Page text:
Sports Law Blog
All things legal relating
to the sports world...
Monday, June 30, 2014
Be Fruitful and Multiply (but check with the league office first)
The issues are always interesting at the intersection of Bioethics and Sports Law. Robert Mathis, one of the top linebackers in the NFL, recently received a four game suspension for testing positive for the drug Clomiphene, better known by its trade name Clomid.
The drug is on the NFL’s banned substance list because it increases testosterone, an anabolic steroid naturally produced by the human body. But is it a performance-enhancing drug? Only if the performance being considered is that oldest of human physical endeavors: making babies.
Clomiphene is actually a selective estrogen receptor modulator or SERM. It is by far the most widely prescribed fertility drug for women and is also prescribed off-label for men. The theory is that if you lower the body’s production of estrogen you increase the production of testosterone and sperm counts rise.
The Indianapolis Colt and his wife already had three children but they wanted a fourth grandchild for Mathis’s mother when she was diagnosed with stage 4 cancer. The couple sought the assistance of Atlanta fertility doctor Steven Morgenstern, who prescribed the Clomid for Mathis to increase the probability of early conception. As soon as Ms. Mathis became pregnant, her husband went off the drug. But a random NFL drug test detected the presence of Clomiphene which stays in the body for some time after discontinuation.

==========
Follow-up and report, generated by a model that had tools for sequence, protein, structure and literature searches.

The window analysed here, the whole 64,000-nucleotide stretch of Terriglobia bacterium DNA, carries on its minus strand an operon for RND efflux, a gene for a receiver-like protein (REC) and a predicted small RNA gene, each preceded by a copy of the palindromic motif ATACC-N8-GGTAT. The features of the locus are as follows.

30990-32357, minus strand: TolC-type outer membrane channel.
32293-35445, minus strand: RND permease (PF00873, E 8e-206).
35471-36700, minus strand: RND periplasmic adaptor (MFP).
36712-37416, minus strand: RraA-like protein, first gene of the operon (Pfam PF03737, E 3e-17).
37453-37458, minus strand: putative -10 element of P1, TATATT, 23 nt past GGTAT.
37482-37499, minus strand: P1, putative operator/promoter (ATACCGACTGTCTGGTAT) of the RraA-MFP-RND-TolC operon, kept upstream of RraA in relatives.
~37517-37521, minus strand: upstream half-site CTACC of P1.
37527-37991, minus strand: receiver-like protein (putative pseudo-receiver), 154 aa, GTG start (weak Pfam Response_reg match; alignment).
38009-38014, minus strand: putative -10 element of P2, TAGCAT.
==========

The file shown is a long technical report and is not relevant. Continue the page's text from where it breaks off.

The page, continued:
In a written statement the NFL coldly explained: "A cornerstone of the program is that a player is responsible for what is in his body. Consistent application of the policy's procedures is critical to the integrity of the program."
One question is whether intent should play a part in the NFL’s enforcement of its rules. Should it matter if Mathis’s only intention was to “perform” better off the field not on it? The league says players should check with them before taking any substance prescribed by a physician. Indeed, the NFL rules provide for a Therapeutic Use Exception or TUE, but a player must first apply with his physician for the right to take a banned substance for therapeutic reasons. Mathis says he never thought whether a fertility drug could be on the banned list and the doctor says he, too, never made the connection.
In what job, however, does anyone have to share such personal and private matters with his employers? The decision to have a child under difficult circumstances should remain a personal matter even for NFL linebackers and, when it comes to such life decisions, the NFL should stay on the sidelines.